than a month, and it's been out of commission for about half that
period. So I'm a newbie, as far as espresso is concerned.
I wasn't sure what kind of water I should be using in my new Gaggia
Achille (an Hx lever machine), and the manual didn't address this
specifically, so I did a bunch of reading here on the forum and
elsewhere. Though I can't remember specifically where I found the
information, I came away with the impression that I should used:
1. distilled water in the boiler, presumably because I want to minimize
scaling and other such effects, and I don't drink this water, so
distilled is fine, and
2. mineral water in the reservoir that's used for the actual shots,
because distilled water is really too flavorless.
In the process of discussing the failure of my machine (heating element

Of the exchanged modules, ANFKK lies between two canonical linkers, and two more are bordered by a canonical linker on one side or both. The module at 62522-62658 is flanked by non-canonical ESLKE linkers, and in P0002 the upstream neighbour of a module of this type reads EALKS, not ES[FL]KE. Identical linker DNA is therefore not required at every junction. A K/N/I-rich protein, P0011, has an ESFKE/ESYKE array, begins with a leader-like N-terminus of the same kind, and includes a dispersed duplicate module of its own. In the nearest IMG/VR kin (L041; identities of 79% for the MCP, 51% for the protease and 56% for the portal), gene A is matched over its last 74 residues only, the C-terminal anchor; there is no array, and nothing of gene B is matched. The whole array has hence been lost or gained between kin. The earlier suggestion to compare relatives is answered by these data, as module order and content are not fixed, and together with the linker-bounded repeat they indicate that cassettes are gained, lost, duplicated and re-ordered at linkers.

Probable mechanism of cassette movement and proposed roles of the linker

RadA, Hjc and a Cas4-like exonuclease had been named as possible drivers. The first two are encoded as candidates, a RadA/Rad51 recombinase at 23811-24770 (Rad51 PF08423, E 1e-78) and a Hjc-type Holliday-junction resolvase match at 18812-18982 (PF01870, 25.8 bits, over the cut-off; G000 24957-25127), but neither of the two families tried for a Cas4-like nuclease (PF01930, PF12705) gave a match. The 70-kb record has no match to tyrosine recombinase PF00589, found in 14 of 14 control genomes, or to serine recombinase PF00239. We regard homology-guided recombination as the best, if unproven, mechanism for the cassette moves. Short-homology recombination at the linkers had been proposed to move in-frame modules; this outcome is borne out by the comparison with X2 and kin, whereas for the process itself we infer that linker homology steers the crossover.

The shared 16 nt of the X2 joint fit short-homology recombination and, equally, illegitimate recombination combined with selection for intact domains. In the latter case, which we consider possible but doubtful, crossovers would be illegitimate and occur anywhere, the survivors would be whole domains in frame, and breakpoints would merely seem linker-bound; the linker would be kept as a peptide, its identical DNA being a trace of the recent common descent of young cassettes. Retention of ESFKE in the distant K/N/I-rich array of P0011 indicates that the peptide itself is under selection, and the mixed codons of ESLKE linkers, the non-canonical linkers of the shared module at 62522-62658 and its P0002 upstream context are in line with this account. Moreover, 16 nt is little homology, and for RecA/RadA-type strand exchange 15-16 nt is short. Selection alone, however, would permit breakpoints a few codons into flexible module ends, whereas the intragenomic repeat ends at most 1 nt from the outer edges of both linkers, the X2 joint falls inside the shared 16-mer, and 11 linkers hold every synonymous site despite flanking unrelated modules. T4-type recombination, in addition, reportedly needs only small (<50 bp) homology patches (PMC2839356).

burned out), one of the things that Importika (the Gaggia importer in
New
York) told me was this:
	DO NOT USE DISTILLED WATER OR REVERSE OSMOSIS WATER IN THE
MACHINE!!!
	unless you add a tablespoon of tap water.) They will seek to
replace
	minerals that have been eliminated and eventually will eat a
hole in the
	boiler.
That was news to me, and I suspect it might be news to at least some of
the folks here, since I've never seen it mentioned. Of course, I'm often
the last to know. :-)
No one is saying that this contributed to the failure of my heating
element. They're just trying to get me to use their (next) machine
right.
But while they told me what not to do, they still didn't tell me what
the best kind of water is, for either side. What should I be using
where?
Rudy

13) From: Tom Ulmer
I think ozone is added primarily as a disinfectant. 
I'm still running around, though crouching in a starting stance for very
long would not be preferable...

14) From: Vicki Smith
My machine, a Bezzera, came with warnings against using distilled water. 
I use RO water with 1/4 cup of Evian to the 2 gallon containers of RO 
water I have in a counter top dispenser. I checked the water with a